Image Credit: NASA, ESA, and the Hubble SM4 ERO Team
NGC 7320 (also known as PGC 69270) is an unbarred spiral dwarf galaxy of some 30 thousand light-years across, located about 39 million light-years away from Earth in the northern constellation of Pegasus (the Winged Horse). It is receding from us at roughly 786 kilometers per hour.
Together with the galaxies NGC 7317, NGC 7318A, NGC 7318B, and NGC 7319 it forms Stephan’s Quintet (also known as Hickson Compact Group 92 and Arp 319), even though NGC 7320 is actually a foreground galaxy, and not a member of the galaxy group; which lies at some 300 million light-years distant.
NGC 7320 is showing extensive star-forming (H II) regions, visible as as red blobs, where active star formation is occurring. The bright blue dots are young star clusters. In this galaxy, Hubble can also resolve individual stars, evidence that NGC 7320 is closer to Earth than the other members of Stephan’s Quintet.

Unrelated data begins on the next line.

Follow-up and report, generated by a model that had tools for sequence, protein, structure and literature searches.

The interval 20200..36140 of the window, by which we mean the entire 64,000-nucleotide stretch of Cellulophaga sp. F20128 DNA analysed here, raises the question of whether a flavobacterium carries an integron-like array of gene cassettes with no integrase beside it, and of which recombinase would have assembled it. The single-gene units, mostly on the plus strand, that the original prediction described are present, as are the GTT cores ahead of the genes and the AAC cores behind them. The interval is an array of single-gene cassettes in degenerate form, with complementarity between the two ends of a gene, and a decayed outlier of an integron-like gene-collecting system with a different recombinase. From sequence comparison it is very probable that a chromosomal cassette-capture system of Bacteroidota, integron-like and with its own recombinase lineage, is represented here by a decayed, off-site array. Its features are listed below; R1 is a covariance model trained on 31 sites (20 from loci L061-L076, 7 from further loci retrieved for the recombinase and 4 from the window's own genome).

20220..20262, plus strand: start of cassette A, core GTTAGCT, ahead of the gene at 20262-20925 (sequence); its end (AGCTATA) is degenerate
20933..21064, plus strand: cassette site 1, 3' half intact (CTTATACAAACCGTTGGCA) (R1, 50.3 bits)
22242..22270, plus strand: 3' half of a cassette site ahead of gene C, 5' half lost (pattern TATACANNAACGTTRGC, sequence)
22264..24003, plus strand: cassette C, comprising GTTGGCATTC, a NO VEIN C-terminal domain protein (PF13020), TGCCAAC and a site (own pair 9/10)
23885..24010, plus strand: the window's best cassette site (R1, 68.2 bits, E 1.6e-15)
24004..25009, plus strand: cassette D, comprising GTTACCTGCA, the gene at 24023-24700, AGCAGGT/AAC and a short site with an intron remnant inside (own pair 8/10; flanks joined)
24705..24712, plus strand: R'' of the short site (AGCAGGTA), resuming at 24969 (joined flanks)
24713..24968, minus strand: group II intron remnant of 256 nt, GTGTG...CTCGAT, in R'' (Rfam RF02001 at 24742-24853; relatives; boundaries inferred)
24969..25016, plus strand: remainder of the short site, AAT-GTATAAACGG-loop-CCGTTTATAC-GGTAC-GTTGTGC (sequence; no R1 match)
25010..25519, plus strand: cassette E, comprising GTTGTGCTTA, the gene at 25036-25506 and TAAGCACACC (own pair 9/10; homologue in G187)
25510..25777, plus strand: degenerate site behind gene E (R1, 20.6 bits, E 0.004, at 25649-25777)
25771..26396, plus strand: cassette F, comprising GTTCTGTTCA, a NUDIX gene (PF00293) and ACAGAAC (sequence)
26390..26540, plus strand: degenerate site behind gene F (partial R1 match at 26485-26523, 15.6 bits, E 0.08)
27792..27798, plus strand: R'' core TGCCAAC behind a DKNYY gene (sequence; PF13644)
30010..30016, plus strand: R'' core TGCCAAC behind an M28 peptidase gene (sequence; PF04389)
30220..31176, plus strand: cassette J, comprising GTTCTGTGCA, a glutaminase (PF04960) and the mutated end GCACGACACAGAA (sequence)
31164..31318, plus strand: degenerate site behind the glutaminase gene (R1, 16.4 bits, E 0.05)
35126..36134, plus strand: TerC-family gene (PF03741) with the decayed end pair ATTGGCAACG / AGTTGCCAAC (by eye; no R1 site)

The composite image was taken in visible and near-infrared light by the Wide Field Camera 3 (WFC3) aboard NASA’s Hubble Space Telescope, that observed the Stephan’s Quintet in July and August 2009. It was made by using filters that isolate light from the blue, green, and infrared portions of the spectrum, as well as emission from ionized hydrogen. These Hubble observations are part of the Hubble Servicing Mission 4 Early Release Observations. NASA astronauts installed the WFC3 camera during a servicing mission in May to upgrade and repair the 19-year-old Hubble telescope.